Nader: Obama won’t face strong primary challenge from his left

Steven Nelson Associate Editor
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Despite predicting earlier this year that a strong primary challenge from President Obama’s political left was certain to materialize, consumer advocate Ralph Nader now says it won’t happen because New Hampshire Secretary of State Bill Gardner “pulled the rug from under us.”

Nader was working to draft several candidates to run against Obama as a “slate.” The idea was to mount a challenge by individuals specializing in a variety of issues — including the labor, anti-war and environmental movements.

In an interview with The Daily Caller, Nader explained why idea won’t come to fruition. “The reason is that the Secretary of State of New Hampshire, a very good person who has been there for 30 years, suddenly backed up the date for candidates registering for the New Hampshire primary from the third week in November to October,” he said. “It caught everyone by surprise, so much so that Huntsman had to take a red-eye from the Southwest to New Hampshire to get in under the wire.”

According to Nader, since primary opponents now cannot be fielded in New Hampshire, the slate idea is effectively dead.

“That was always the real window of opportunity for a slate, because you know Iowa is just not suited for it because it has 1,600 caucuses and it takes a huge amount of manpower,” he said. “But there is a couple-week window when everybody is in New Hampshire, and he pulled the rug from under us — not just us, but everybody.”

Despite his work to find a primary challenger for the president, Nader has ruled himself out, saying earlier this year that “I’ve done my rounds.” Asked if he would reconsider and enter his name in states where Democratic candidate registration remains open, he said, “No, because you have to register as a Democrat and I don’t do that.”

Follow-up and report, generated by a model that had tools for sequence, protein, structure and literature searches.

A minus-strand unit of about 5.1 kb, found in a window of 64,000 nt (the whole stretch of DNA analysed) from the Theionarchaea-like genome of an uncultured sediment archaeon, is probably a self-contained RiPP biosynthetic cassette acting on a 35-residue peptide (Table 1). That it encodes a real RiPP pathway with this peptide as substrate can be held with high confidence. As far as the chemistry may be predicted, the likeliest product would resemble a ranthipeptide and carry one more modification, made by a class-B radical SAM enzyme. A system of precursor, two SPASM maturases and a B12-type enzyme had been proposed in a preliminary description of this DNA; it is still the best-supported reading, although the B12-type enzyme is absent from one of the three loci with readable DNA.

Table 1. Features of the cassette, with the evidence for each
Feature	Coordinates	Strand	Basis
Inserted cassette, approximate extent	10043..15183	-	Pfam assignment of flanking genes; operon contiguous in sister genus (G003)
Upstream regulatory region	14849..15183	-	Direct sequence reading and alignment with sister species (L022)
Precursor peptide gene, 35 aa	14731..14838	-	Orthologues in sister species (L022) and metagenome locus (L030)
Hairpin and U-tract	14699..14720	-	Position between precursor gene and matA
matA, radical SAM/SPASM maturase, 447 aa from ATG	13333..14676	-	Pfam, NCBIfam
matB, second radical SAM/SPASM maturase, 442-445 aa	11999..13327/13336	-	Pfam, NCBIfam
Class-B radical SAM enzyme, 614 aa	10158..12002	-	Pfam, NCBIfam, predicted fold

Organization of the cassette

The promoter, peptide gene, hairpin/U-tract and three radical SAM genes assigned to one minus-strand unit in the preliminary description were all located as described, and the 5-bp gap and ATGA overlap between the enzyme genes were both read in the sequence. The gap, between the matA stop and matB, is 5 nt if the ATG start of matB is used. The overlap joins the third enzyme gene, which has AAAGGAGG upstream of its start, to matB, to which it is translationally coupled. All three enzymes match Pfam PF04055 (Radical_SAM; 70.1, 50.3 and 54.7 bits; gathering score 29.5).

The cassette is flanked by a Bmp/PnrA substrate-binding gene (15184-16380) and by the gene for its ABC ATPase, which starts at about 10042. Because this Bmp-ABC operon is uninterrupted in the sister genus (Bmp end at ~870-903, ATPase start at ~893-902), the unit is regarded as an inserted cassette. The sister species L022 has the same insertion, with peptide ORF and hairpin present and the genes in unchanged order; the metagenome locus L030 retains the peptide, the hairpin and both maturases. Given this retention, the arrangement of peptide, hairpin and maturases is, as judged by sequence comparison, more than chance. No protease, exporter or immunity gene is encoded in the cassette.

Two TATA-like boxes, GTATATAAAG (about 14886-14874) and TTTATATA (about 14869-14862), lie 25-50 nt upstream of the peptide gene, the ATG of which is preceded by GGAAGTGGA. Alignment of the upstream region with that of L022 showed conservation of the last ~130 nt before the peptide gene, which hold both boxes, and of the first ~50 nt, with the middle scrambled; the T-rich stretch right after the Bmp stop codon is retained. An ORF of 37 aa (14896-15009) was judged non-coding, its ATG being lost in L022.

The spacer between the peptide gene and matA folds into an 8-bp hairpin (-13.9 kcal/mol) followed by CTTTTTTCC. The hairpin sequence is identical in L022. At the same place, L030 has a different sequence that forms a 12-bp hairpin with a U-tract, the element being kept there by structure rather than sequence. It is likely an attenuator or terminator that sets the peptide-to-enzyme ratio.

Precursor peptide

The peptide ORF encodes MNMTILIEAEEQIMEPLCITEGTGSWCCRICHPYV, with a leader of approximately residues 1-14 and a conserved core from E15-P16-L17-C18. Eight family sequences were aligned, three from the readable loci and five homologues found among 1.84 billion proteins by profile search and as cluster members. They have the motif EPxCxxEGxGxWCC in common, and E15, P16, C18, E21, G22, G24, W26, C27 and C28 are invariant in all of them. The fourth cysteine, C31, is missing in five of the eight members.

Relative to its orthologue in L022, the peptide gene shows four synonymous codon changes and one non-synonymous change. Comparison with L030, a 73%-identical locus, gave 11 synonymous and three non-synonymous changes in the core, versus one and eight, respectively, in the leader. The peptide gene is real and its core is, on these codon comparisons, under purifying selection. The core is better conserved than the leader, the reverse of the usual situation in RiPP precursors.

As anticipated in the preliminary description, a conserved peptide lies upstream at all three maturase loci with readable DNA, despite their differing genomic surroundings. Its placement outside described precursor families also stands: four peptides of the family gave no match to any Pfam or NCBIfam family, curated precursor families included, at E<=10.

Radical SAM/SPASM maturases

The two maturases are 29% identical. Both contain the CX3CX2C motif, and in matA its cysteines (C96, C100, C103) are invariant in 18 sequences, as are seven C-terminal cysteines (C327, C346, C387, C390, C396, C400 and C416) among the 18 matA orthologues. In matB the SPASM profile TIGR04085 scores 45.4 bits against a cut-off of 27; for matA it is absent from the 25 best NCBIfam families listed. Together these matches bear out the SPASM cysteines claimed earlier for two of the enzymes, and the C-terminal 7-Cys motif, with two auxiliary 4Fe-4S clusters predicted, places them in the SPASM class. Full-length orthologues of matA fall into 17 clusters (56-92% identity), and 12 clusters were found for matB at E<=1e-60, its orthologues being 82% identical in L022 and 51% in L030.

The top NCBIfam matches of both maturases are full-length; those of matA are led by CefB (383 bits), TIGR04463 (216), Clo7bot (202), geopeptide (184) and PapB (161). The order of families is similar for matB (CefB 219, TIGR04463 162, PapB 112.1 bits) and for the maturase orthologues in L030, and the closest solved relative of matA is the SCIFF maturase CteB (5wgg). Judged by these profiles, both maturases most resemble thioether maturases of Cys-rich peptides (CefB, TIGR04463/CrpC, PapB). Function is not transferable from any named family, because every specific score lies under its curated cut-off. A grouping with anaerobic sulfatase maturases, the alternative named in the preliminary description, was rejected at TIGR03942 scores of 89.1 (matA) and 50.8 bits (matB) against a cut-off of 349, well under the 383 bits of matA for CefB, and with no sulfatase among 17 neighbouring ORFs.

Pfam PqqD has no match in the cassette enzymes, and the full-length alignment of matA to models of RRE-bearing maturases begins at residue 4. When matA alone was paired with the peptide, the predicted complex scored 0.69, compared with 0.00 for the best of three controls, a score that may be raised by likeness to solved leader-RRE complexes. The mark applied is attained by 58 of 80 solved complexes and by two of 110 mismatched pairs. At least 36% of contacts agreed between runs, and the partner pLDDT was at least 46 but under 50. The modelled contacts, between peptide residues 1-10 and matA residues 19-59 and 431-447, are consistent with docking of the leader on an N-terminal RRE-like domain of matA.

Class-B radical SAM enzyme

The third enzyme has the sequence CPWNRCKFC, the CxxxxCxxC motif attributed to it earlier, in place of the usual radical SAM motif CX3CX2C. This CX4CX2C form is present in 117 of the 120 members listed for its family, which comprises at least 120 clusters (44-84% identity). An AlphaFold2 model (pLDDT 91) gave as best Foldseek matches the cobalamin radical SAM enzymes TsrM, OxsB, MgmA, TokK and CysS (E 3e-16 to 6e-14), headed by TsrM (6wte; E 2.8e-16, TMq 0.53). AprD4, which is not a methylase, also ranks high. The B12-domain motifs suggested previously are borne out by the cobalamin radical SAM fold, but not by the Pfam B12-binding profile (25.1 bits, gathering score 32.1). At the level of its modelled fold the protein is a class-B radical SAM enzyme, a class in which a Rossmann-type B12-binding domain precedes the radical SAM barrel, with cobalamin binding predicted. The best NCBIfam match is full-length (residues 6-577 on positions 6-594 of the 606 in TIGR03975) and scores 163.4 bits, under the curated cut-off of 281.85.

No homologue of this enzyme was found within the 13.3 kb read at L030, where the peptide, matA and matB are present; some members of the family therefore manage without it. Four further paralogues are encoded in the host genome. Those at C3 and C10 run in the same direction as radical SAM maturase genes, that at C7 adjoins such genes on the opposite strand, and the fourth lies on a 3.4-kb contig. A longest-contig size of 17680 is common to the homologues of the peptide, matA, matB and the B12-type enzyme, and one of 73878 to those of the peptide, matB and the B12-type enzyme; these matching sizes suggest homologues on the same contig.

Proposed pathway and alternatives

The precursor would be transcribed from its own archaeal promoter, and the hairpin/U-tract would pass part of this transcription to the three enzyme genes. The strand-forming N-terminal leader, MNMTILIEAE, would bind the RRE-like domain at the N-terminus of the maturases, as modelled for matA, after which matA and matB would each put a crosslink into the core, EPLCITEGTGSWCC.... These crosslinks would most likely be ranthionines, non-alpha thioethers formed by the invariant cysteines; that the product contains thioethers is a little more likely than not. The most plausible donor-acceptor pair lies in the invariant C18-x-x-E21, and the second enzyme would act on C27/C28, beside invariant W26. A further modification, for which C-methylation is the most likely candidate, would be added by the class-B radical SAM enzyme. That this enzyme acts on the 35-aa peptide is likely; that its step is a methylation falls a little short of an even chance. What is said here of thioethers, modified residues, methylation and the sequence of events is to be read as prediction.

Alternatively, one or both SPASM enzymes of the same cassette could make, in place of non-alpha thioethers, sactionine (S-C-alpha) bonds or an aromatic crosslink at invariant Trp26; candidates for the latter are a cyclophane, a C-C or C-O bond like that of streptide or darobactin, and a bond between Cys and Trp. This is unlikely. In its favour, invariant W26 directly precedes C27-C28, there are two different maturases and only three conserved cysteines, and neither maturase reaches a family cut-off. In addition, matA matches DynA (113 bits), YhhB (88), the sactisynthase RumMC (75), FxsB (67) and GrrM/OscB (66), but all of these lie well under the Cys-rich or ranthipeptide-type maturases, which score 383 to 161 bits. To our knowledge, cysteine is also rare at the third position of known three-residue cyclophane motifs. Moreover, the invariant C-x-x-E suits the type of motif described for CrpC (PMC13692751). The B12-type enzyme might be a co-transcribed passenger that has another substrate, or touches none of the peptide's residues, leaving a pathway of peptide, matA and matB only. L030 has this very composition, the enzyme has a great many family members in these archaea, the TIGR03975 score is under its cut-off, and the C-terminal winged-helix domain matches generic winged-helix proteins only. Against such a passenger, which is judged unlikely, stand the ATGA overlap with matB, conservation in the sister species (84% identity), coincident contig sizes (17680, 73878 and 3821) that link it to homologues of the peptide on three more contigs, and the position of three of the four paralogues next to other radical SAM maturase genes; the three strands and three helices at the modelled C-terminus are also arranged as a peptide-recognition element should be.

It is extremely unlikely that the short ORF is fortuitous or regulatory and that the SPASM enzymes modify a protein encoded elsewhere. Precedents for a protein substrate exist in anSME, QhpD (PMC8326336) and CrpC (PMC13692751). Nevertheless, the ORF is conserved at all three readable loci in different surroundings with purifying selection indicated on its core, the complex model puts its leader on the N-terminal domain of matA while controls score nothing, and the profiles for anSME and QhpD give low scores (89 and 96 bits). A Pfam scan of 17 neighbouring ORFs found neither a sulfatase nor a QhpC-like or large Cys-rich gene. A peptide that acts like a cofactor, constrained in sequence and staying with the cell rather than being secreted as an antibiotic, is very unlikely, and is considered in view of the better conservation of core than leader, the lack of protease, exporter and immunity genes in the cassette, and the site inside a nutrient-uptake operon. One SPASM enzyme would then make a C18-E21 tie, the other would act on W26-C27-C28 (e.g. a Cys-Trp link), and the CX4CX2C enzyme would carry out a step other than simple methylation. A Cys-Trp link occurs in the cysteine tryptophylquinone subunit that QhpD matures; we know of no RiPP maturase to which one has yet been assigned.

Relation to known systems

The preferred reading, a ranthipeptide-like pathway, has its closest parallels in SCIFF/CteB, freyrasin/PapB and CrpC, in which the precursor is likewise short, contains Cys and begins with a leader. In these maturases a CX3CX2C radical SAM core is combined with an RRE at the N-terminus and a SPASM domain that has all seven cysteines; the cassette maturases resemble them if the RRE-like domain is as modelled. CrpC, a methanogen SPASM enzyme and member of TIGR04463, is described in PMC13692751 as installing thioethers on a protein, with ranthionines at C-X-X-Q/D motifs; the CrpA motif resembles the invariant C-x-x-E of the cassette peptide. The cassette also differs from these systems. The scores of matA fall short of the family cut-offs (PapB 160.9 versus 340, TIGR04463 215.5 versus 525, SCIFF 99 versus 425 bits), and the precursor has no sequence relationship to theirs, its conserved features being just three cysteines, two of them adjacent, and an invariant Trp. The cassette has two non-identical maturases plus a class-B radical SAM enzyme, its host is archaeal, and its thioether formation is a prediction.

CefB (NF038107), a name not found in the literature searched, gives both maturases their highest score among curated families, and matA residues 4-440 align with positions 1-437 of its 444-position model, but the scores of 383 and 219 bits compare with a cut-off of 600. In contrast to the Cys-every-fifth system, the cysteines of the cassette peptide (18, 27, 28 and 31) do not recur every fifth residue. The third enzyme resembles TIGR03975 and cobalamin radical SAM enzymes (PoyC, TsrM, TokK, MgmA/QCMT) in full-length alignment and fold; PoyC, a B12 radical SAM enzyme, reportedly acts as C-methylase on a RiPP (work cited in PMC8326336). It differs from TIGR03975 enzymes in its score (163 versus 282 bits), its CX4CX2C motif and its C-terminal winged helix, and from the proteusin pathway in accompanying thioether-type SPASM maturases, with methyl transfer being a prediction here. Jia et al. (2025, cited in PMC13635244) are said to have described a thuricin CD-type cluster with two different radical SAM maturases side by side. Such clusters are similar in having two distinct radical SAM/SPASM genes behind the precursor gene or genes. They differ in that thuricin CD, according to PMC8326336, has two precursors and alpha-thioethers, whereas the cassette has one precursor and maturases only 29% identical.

“There may be a single-state challenge from some of the people who were interested in the slate. But until that gels, it’s not going to be made public,” he added.

Nader also offered his thoughts on the Republican presidential primary field.

Texas Rep. Ron Paul is a good candidate because of his policy positions on foreign affairs, the military and his opposition to the Federal Reserve, Nader said. “But I don’t think he’s very good on health and safety regulation, environmental issues, and issues like Social Security and Medicare.”

If Paul were the GOP nominee, Nader wouldn’t support him — or President Obama, for that matter. “I don’t support major party candidates,” he said. “They come with too much baggage, too much entrenched collaborative corporate [influence].”

Nader, an Arab-American, also brushed aside controversial comments by former House Speaker Newt Gingrich that Palestinians are an “invented” people.

“No more invented than Newt Gingrich,” he quipped.

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